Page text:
It’s 14 days before Christmas. Two weeks. Yet, over the weekend, our septic tank alarm system went off. Water level was too high in the tank. Upon examination, our pump is dead and the tank needs to be cleaned out. We’ve delayed washing clothes. We’ve taken very fast showers. And, Evan has had permission not to flush after every bathroom visit. Really not fair to have to spend this kind of money so close to Christmas.
Yet, life happens.
But, where am I promised that life will be filled with roses, clear skies, and happy days? Only on the TV show Duck Dynasty does life seem to be “happy, happy, happy.” Real life, is never always happy. Nor, should it be expected to be.
Yet, even as life happens, God remains in control. And, He teaches us things through our life experiences—both the good ones and the ones we think are so unfair.
I have no clue what today holds. I haven’t the slightest idea what’s coming for you or me. But, I know God. And, I know He’s in control.
While I may not like everything that happens and I may think it’s unfair, what does that really matter in the grand scheme of life?
Monday, December 10, 2012
I sometimes sit and watch my son, finding myself shaking my head at his behavior. Evan is such a good child, most of the time. He probably averages 80% good, 20% terror. That’s not a bad average.
I never expect perfection from him—he’s only 4 ½ years old. He’s learning new things every day. He’s testing his limits. He’s finding his way in the world. Evan has so much to learn.
While I don’t expect perfection, I do have certain expectations on how he should act and how he should react.
One of his new “behaviors” was picked up from another child at school—I’m not making excuses for his behavior by blaming another child. But, it’s important to note that this was a learned behavior from watching someone else.
What’s the behavior? When he doesn’t get his way, he’ll literally throw himself on the floor and begin wailing. You should know there are no tears being shed. Oh, there can be screaming and kicking the floor. But, it’s more of an act that being heartbroken.
When he reacts/acts this way, we respond with discipline. The discipline varies, depending on a number of factors.
Most of the time, if not all of the time, his little “fit” only lasts for a few minutes.
I have to admit that what Evan does seems frighteningly similar to how I react to situations in my life. Or, how I react to God saying “no” when I want something.
Now, I don’t literally throw myself on the floor, kick, or scream. But, I’ve been known to throw a fit or two. And, in truth, my fits are just as wrong as Evan’s. And, I suppose, if anyone were watching, they’d think I was being as childish as a four-year-old who isn’t getting his way.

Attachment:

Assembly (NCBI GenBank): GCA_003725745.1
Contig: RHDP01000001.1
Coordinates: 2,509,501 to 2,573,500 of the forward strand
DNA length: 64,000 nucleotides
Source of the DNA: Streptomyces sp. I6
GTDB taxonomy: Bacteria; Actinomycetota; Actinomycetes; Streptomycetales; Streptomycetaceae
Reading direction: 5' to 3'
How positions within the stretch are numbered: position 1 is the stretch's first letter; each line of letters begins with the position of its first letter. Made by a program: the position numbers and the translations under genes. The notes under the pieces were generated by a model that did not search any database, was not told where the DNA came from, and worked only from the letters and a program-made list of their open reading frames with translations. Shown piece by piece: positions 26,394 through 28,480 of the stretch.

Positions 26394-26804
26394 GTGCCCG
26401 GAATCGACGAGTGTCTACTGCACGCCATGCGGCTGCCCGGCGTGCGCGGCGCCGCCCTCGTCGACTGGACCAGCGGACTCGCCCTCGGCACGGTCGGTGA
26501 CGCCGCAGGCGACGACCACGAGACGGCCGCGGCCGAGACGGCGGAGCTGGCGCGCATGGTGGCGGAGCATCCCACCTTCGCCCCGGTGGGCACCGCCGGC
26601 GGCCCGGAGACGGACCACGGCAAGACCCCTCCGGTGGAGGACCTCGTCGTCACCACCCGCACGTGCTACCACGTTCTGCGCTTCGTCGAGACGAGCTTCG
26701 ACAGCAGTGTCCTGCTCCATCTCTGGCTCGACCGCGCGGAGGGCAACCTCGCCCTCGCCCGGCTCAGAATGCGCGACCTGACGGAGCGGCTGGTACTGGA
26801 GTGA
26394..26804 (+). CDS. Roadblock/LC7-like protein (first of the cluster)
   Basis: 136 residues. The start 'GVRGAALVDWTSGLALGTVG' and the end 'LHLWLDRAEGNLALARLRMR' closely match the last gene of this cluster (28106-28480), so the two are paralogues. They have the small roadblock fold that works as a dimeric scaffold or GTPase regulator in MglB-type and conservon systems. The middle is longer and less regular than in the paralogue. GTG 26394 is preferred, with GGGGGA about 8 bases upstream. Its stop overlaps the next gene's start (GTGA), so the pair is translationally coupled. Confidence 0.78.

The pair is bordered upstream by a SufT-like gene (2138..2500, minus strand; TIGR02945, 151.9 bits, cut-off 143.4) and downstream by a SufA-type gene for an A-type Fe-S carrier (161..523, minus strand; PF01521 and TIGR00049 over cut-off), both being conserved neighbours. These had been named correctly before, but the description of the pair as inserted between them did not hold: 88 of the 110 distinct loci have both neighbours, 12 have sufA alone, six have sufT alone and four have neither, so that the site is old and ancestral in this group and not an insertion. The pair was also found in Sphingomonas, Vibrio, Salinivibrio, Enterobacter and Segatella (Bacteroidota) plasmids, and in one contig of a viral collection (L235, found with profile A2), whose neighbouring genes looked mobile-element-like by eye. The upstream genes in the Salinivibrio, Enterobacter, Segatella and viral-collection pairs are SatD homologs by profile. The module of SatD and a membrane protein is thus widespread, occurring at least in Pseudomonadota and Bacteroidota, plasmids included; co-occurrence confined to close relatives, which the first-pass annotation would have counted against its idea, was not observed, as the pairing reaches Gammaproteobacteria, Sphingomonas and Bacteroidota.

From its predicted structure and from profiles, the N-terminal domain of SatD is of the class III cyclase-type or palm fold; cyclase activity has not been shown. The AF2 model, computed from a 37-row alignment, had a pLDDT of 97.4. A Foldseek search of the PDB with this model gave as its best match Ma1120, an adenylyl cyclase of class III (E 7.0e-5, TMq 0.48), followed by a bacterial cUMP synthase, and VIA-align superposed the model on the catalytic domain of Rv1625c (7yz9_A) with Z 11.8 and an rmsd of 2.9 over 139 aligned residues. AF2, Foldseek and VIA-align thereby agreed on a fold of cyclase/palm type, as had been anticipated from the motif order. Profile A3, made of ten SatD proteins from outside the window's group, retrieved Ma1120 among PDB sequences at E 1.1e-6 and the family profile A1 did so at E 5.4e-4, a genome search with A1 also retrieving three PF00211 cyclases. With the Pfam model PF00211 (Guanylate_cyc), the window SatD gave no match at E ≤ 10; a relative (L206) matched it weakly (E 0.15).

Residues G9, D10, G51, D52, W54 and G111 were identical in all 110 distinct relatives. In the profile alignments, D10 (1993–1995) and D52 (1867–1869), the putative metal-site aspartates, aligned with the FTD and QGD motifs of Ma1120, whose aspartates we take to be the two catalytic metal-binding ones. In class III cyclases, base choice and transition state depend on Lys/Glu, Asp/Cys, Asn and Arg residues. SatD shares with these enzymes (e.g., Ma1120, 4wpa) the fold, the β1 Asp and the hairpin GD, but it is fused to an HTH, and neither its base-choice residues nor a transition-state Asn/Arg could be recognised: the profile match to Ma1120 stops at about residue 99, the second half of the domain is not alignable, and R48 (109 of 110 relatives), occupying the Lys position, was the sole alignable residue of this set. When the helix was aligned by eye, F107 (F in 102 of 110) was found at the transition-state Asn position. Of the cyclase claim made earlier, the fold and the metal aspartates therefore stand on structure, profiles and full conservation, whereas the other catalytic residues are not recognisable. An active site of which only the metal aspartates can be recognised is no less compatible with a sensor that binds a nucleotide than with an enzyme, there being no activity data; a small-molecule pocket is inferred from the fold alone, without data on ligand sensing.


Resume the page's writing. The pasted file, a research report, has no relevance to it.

I’m not four. Not even close.
I have to grow up. I must mature. I must continue learning from God’s discipline and instruction. I must stop watching others and behaving the way they do. God doesn’t call me to be like anyone else—He wants me to be like Him.
I don’t like God’s punishment any more than Evan likes my discipline. But, the discipline is necessary—if I want to mature and become more like God.
I want to grow up! I must grow up!
Thursday, December 6, 2012
“Ariel, listen to me: The human world is a mess. Life under the sea is better than anything they’ve got up there!” (Sebastian, The Little Mermaid).
Do you ever “get thrown under the bus?”
Maybe that’s a phrase you aren’t familiar with. To be “thrown under the bus”, at least by my definition, means to sacrifice someone else, usually someone who is undeserving, to cover for something you have done or are thinking or something you’ve experienced in the past.
One day recently, I was thrown under the bus by two different people, relating to two different situations.
One person is a friend. The other person I only know by reputation.
One threw me under the bus to cover up something they had done.
The other person threw me under the bus because they were transferring their emotion for something in their past, that I was no part of, onto me.
Neither situation was pleasant. Neither enjoyed. And, quite truthfully, neither was deserved.
I long ago learned that you can only defend yourself so far. Before long, it appears you are protesting too much.
For example, someone says, “Do you still beat your wife?” How do you answer that question? If you say, “Yes, I still beat my wife,” you should go to jail. However, if you say, “No, I don’t still beat my wife,” it tends to imply that you once beat your wife.
You can’t win for losing on that one.
When you are thrown under the proverbial bus, you never really win.
In the first situation I mentioned above, I just took it and didn’t reply.
In the second situation, I told the person that it was best I not respond, because no answer would truly satisfy them.
That’s how I responded. Hopefully, I’ll continue to always remember that, at times, (maybe most times) it’s just best to keep your mouth shut and not reply at all.
Wednesday, December 5, 2012
“You don’t even know what will happen tomorrow. What is your life? It is a mist that appears for a little while. Then it disappears” (James 4:14).
During much of my life I’ve had a singular goal. My goal has been to be used by God to make a difference in the lives of the people I come into contact with.
Even complete strangers.
Whether in person, through a sermon preached, a blog, a Facebook update, or a written word, I’ve desired for those, in some form or fashion, to have an impact upon other people.